COVID-19: Addressing the Continuing Challange

“Responding to a public health crisis requires decisive action, near unity, and a readiness to adapt as we learn about what causes the disease to spread and about what actions can minimize that spread.” (1) Two years into this pandemic, we have painfully learned how COVID-19 spreads and the actions of vaccination and wearing masks can minimize that spread. Decisive actions have been taken. In September, President Biden required all federal workers including the military to be vaccinated and all businesses employing more than 100 workers to require vaccination or testing of their employees. However, a marked lack of unity throughout the nation on the implementation of these decisive actions has resulted in continued high numbers of cases and deaths related to COVID-19. The partisan differences in approaches to this disease, reported every day in the media and documented in previous articles published in this journal, are remarkable in the resulting needless toll and suffering, all for questionable political gains. This January issue on COVID-19, our third in the last year, titled Addressing the Continuing Challenge, aims to provide additional information on how COVID-19 spreads and provides examples and impetus for decisive action.

In terms of decisive actions to contain the pandemic, case investigation and contact tracing (CICT) are vitally important, but as pointed out by Rainisch and co-authors, these steps have been difficult because of varying public acceptance and limited resources, especially of trained staff. They investigated the number of COVID-19 cases and hospitalizations that could be averted by CICT. Recommendations are issued to improve the effectiveness of this activity. Using data from 14 jurisdictions, they found that after other non-pharmaceutical interventions, for every 100 cases, CICT could prevent between 4 and 97 additional cases. Jurisdictions varied widely in the proportion of cases isolated after identification. Of note was the finding that by decreasing time to case isolation by one day increased averted case estimates by up to 15 percentage points.

A COVID-19 outbreak occurred among workers at a meat processing plant in Utah in the spring of 2020. The harvesting section of the meat processing facility had the highest attack rate. There were significant transmission differences by race, language spoken, and work section. In terms of discrete actions to mitigate COVID-19 transmission, Rogers and co-authors outline a multifaceted public health response including hand washing and social distancing. They also found workers were apprehensive about taking sick leave. Specific recommended actions included employers addressing work leave policies and tailoring complex health communication messages to languages spoken among the employees’ social networks.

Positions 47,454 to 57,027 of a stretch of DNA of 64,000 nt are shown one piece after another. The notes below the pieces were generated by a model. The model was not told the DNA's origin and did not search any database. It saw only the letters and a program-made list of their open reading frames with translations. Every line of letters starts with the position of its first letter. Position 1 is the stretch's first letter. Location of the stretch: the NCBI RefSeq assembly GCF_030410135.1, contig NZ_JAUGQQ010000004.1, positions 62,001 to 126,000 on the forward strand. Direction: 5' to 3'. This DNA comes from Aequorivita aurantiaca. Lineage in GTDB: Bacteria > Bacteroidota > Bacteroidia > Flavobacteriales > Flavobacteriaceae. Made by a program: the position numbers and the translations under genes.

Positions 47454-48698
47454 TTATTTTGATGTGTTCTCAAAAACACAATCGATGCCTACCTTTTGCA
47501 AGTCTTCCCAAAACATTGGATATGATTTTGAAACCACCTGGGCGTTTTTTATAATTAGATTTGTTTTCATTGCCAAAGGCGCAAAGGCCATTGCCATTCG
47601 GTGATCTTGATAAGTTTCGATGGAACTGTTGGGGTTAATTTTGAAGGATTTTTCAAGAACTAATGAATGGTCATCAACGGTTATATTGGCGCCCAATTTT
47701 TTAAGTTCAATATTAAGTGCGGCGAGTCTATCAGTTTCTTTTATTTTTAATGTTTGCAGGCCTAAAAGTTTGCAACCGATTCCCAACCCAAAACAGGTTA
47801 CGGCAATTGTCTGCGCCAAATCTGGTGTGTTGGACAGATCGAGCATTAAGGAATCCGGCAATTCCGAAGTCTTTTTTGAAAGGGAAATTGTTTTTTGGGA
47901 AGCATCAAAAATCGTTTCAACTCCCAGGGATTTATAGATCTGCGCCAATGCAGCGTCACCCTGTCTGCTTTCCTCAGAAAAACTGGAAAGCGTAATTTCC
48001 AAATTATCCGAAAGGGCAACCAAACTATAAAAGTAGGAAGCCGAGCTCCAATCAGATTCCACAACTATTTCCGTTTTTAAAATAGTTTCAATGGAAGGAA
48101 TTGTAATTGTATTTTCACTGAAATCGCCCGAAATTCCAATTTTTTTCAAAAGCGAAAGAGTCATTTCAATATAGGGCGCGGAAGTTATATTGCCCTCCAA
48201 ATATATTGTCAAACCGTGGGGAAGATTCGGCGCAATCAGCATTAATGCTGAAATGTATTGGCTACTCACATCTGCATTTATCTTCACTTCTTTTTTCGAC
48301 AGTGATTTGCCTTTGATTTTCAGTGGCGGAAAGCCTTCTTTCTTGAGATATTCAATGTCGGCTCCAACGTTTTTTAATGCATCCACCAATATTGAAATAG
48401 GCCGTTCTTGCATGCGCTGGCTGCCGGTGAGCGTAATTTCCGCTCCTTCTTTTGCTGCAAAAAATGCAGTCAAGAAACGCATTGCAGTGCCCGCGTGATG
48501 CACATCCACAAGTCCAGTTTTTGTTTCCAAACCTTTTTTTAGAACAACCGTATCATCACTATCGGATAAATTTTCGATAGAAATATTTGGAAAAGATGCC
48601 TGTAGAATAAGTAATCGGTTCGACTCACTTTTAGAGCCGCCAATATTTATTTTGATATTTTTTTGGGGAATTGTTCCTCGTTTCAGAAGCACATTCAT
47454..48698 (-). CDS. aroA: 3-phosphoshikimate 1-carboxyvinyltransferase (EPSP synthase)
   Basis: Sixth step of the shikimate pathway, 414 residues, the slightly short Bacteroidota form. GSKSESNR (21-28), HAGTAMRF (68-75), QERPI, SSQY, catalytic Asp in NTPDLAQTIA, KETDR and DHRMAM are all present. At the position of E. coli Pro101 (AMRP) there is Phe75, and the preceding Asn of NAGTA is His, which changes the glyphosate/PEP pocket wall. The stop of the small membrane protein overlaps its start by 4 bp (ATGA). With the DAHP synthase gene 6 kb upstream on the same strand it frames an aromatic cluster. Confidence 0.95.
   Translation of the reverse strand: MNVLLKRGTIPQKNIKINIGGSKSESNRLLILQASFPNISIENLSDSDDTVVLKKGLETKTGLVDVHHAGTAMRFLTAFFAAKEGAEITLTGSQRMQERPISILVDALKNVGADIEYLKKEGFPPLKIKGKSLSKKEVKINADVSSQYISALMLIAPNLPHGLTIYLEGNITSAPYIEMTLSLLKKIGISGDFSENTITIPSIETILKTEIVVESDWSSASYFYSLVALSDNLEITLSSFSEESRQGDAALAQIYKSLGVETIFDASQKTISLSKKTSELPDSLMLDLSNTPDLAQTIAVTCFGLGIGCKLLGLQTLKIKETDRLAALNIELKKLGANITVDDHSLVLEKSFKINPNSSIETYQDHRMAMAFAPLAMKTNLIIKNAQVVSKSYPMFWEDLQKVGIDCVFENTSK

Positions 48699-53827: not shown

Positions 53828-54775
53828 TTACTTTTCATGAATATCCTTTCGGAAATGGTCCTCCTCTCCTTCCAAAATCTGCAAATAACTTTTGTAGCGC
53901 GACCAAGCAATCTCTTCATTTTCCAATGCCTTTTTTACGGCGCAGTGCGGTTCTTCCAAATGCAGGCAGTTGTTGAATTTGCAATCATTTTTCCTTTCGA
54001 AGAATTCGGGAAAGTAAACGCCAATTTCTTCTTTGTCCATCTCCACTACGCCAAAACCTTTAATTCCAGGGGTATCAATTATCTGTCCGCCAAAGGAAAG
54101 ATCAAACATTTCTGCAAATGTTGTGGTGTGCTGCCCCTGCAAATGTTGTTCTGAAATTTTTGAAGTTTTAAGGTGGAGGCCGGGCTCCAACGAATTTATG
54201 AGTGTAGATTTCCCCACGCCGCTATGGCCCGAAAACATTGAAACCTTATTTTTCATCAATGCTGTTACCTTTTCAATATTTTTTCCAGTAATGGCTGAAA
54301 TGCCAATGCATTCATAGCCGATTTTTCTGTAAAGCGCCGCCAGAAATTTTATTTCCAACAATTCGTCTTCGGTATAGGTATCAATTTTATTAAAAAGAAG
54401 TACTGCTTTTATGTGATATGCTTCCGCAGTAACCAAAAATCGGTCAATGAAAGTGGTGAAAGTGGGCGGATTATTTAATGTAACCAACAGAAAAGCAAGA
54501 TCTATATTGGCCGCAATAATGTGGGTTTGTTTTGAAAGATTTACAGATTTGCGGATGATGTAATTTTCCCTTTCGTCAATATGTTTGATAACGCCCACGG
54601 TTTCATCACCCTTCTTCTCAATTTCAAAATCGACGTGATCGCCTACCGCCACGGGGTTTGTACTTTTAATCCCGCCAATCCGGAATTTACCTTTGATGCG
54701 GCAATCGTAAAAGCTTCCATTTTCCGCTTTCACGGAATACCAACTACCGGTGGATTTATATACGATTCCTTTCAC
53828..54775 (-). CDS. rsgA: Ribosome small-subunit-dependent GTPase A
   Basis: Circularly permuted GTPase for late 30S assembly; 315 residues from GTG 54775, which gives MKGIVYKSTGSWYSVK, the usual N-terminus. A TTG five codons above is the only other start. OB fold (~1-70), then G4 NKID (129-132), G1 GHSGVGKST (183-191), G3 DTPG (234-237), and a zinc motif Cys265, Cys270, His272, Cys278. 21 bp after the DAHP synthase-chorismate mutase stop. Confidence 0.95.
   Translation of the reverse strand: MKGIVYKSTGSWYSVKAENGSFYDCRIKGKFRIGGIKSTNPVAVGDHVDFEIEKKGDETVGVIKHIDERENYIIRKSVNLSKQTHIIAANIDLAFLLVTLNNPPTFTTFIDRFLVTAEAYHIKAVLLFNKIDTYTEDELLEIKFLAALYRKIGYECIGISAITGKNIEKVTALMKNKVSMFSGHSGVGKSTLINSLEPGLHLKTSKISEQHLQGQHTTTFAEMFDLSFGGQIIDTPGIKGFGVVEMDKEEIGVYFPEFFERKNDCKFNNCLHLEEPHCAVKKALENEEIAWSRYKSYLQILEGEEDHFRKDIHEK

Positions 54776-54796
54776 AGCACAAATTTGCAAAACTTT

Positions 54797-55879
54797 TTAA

With the beginning of the school year in the summer of 2021, hundreds of schools have had to close because of clusters of COVID-19 among students. Divisiveness about mask wearing, recommended by the Centers for Disease Control and Prevention, has erupted in many jurisdictions. Governors of Texas, Florida, and others have prohibited schools from requiring masks even where local communities or school boards have favored this measure. In this issue of the journal, two articles have demonstrate that we have available means of mitigation to keep schools open and avert outbreaks of this disease. Miller and co-authors model the impact of mitigation strategies on the transmission of COVID-19 in prekindergarten to grade-12 schools. The CDC recommended mitigation strategies include mask wearing, cleaning and disinfection, hand hygiene, and social distancing. They find that these mitigation strategies and contact tracing can indeed limit the number of COVID-19 cases in schools, reducing transmission by at least 69%. An actual example of this is provided by another article in the issue: “Private High School Reopened Safely During COVID.” Bellin and co-authors report that the CDC recommendations for COVID-19 of masks and social distancing do not describe a scalable surveillance solution such as one they applied in this New Jersey school. The symptoms of all school participants were reported daily with physician follow-up interviews. Masks, distancing, and aggressive contact tracing, combined with Internet-supported contact tracing and consistent application of quarantine protocols successfully permitted in-school education in a high prevalence area.